Offered here is a very interesting late 1830s Ewin compass that has seen very little field use. What makes this compass so interesting is the internal chain counter (inside the compass box) and the L – T table on the South arm of the compass mainplate. Goldsmith Chandlee and his successor (George Graves) are the only makers to use internal chain counters and L – T Tables. (An L – T Table converts links from a 25 link 33 ft chain into tenths – so 10 links equals 4 tenths of a chain.)
Ewin is a fascinating maker. Ewin was born in 1808 and trained under Richard Patten. Ewin thereafter made instruments from 1832 to 1836 as part of Ewin & Heartte. Heartte died in 1836 and Ewin continued to make instruments until 1840 or so under his own name. So he made instruments as a partner for 4 years and as a sole owner for another 4 years. And then he quit making instruments. Pretty short run.
I’ve found a handful of his instruments made by Ewin when he was the sole owner of the business – a really nice level, a Railroad Gonionmeter, a Railroad Compass, and the plain compass offered here with an internal chain counter and a Chandlee L-T Table. That’s an AMAZING amount of upper-end instrument diversity for a guy who didn’t make instruments for very long and stopped making instruments at the age of 32.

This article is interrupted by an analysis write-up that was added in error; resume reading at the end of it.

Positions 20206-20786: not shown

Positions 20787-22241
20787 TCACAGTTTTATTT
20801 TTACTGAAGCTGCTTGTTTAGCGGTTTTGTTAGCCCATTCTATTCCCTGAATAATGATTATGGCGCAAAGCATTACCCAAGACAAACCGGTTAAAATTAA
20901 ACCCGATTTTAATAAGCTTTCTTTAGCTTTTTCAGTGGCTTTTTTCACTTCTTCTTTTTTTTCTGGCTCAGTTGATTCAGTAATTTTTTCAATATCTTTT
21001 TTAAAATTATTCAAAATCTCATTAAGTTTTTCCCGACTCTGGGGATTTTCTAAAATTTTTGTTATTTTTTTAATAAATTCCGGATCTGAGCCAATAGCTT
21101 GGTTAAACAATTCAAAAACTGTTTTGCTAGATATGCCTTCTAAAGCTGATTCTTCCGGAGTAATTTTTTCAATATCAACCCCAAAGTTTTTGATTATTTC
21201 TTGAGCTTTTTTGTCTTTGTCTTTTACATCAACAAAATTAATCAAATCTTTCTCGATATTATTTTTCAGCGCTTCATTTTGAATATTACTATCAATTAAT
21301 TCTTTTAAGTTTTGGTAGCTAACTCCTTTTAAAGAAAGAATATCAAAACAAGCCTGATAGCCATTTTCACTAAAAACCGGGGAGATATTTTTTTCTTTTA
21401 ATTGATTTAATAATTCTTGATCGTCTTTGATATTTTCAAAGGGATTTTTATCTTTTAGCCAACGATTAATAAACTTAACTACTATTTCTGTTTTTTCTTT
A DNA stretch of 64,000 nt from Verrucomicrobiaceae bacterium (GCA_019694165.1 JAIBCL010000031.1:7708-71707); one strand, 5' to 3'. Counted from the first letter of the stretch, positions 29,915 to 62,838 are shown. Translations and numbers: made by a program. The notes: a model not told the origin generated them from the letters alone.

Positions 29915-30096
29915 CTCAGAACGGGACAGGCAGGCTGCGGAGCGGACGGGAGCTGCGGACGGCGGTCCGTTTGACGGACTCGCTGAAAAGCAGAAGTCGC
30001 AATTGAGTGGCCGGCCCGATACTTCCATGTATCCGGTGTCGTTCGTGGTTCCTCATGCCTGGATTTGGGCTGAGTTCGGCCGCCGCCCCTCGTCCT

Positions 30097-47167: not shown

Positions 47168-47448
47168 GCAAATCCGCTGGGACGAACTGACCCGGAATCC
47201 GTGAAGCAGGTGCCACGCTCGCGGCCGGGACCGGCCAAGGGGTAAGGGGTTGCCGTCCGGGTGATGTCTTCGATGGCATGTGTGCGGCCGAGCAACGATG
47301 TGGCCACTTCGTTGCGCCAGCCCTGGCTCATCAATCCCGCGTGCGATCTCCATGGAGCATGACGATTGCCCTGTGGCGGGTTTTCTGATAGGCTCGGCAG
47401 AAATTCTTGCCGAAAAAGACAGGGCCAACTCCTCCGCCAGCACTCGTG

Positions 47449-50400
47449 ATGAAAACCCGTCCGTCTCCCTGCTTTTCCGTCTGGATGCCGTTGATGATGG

I think there were only a few guys making RR Gonionmeters, with Young being the first and main guy. The main RR Compass makers – Young, Pike, Patten and the Troy makers (Meneely, Hanks & Gurley). Internal Chain Counters and L-T Tables – the Chandlees and Graves. That’s a pretty impressive list of makers.
While Ewin didn’t invent a new instrument, he certainly could very skillfully generate high-end instruments introduced by others. Not bad for a guy who left the instrument making business at the age of 32.
The compass offered here has seen very little use. It is not as crisp and clean looking as the 1840 Roach & Warner compass that I recently sold, which is why I’m pricing this compass for less. But this is a wonderful compass nonetheless, and shows more fingerprints than actual use.
The compass had a 5 inch needle and a 14.5 inch mainplate.
To read more about William Ewin, please go to my William Ewin Maker Webpage
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The Compleat Surveyor specializes in rare instruments and books related to land surveying. This initially was a family business - my father (F. D. Uzes) was a noted surveyor, collector and author (Illustrated Price Guide To Antique Surveying Instruments and Books - published in 1980). Having spent a lifetime surrounded by old instruments and books, I now run the business myself. I use my website (www.CompleatSurveyor.com) to both sell instruments and provide historical information related to land surveying.
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